The Indian government announced its budget on 1st Feb 2017 and one thing is clear — the country is serious about promoting digital payments. Under the new proposal, post offices and fair price shops (government regulated subsidy outlets) will be used to promote cashless transactions which will allow greater reach to remote areas. The finance minister also announced schemes like rebates and cashback to promote its digital payment app BHIM.

Unsurprisingly, India’s fintech startups are joyous. Sashank Rishyasringa, co-founder and managing director at Capital Float, a fintech startup, describes the budget as transformational at its core. “The government’s push for digitizing infrastructure is heartening,” he says. “Incentivizing cashless transactions at fuel stations, hospitals and railways, and proposing a payment regulatory body to the RBI will help create a robust architecture for digital transactions.”

Varun Rathi, COO & co-founder at Happay, a Bangalore-based fintech startup, says he’s happy to see the government working like a startup. “It’s quick to introduce incentives and continual iterations to ensure mass adoption of digital payments, much needed for the large population sitting on the fence,” says Rathi.

Although direct cash handouts were few and far for the startup community in this year’s budget, a surprising announcement has come in the form of tax concessions. The finance minister said firms incorporated after 31 March 2016 will now be able to avail a three-year tax holiday in the first seven years of their existence. Since most startups take time to make profits, it’s certainly a positive move in the right direction.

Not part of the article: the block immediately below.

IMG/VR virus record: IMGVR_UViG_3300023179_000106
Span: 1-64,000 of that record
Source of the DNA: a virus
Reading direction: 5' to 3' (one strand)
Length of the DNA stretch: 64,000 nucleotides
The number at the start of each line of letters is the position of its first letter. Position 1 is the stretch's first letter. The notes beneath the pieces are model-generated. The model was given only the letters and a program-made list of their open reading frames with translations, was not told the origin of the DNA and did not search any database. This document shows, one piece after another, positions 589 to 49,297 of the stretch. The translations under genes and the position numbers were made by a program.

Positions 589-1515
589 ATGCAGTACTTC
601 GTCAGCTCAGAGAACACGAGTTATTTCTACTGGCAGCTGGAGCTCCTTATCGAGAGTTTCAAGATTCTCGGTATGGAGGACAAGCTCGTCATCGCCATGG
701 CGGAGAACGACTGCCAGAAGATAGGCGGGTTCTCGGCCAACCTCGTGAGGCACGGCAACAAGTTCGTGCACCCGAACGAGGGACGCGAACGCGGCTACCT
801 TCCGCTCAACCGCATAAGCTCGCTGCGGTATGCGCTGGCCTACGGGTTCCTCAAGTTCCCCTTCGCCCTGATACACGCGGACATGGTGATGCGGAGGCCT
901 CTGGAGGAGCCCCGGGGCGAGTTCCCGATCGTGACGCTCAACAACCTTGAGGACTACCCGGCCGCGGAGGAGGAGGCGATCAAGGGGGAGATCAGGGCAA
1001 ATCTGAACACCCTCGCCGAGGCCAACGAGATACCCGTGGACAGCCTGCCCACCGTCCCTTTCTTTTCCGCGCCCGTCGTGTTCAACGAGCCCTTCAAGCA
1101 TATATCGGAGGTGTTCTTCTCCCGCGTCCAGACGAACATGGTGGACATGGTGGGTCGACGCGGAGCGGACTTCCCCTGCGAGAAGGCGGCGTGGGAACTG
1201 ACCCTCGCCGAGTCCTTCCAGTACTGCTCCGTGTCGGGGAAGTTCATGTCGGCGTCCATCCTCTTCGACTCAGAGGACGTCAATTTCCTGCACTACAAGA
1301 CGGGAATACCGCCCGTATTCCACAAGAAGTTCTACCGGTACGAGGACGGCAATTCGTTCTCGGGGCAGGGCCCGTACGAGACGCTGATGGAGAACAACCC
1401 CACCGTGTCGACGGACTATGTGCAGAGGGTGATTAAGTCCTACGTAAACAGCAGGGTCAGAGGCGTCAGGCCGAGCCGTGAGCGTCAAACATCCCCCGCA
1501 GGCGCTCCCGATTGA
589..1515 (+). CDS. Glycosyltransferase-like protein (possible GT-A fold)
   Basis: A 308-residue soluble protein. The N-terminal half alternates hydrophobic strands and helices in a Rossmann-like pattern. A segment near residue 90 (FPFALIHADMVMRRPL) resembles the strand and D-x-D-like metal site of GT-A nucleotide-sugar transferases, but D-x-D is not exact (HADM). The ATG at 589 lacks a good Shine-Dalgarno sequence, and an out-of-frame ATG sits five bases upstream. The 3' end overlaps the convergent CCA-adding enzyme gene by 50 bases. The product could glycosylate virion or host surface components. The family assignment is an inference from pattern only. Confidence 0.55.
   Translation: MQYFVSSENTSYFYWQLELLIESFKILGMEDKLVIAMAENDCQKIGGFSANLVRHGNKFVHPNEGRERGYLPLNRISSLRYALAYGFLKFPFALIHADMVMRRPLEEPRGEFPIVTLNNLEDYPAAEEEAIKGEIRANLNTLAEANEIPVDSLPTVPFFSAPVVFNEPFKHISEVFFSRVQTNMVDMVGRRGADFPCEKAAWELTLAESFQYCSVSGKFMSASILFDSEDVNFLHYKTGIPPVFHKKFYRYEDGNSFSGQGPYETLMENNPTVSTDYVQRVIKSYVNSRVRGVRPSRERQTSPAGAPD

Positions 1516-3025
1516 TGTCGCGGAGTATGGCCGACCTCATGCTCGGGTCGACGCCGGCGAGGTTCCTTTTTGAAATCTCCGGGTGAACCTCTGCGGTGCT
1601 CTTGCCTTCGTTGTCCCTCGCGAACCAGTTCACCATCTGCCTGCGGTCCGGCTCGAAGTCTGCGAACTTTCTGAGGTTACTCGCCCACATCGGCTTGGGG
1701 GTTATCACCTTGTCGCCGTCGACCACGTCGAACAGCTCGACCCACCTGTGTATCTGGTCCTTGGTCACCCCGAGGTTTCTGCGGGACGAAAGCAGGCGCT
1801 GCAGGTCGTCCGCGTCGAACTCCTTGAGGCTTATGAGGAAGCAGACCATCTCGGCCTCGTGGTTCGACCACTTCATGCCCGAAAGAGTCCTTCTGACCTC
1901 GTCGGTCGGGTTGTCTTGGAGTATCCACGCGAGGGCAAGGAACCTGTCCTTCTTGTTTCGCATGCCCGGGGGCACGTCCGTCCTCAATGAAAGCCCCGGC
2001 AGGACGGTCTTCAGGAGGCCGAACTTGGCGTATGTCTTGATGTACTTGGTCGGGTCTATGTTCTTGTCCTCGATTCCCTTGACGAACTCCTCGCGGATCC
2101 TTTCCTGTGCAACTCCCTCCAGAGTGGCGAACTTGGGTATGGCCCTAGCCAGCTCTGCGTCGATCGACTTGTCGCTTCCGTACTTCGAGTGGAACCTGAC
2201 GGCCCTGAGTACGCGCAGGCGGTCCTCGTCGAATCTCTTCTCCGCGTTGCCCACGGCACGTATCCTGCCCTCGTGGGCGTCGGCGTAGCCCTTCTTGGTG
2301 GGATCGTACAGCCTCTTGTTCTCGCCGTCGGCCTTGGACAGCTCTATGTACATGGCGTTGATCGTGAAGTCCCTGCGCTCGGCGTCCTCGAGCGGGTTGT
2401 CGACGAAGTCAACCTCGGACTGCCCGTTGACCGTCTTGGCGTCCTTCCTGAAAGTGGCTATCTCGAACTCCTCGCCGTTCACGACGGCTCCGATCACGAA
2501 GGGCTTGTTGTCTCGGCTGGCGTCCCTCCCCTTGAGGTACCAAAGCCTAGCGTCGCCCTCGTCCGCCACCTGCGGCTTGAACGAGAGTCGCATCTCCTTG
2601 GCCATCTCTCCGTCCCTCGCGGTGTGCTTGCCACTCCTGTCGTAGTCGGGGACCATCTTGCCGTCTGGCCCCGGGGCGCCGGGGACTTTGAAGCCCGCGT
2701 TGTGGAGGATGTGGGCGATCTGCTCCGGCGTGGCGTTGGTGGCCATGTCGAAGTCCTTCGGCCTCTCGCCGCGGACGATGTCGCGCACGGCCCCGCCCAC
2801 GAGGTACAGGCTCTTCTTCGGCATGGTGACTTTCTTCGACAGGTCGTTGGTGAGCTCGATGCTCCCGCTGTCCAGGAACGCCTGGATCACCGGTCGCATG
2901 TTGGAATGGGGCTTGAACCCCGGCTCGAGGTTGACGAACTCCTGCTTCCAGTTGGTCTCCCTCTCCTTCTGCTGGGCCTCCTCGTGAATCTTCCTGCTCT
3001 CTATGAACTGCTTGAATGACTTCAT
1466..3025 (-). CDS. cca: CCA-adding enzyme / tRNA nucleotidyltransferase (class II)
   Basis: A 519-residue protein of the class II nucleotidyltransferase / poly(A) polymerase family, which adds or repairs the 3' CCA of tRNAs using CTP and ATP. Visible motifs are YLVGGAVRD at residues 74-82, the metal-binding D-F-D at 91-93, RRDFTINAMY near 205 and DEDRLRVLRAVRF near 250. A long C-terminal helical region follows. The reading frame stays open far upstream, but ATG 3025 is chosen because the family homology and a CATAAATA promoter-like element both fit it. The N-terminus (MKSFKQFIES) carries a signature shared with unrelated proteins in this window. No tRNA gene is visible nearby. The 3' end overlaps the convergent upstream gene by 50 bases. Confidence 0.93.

Additionally, the rate of tax for micro, small and medium enterprises (MSMEs) with turnover of less than USD 7.4 million also has been reduced to 25%.

Though startups wanted the minimum alternate tax (MAT) to be completely scrapped, the government has allowed firms to carry forward MAT for 15 years as opposed to the 10 year period allowed earlier. MAT is a way of making companies pay a minimum amount of tax. Currently, a company, irrespective of its size and turnover, is required to pay MAT based on their registered book profit. However, that book profit does not take into consideration certain deductions and exemptions and may be different from the net profit of the company.

While the changes were encouraging to many, a few felt that the finance minister Arun Jaitley could have spelled out more schemes for the broader startup community. For instance Ravi Virmani, managing director and founder at CrediHealth, a medical assistance company, feels the budget has nothing for health-tech startups.“Unfortunately the finance minister has completely overlooked the health-tech startups which are changing the landscape of healthcare industry in India,” says Virmani.



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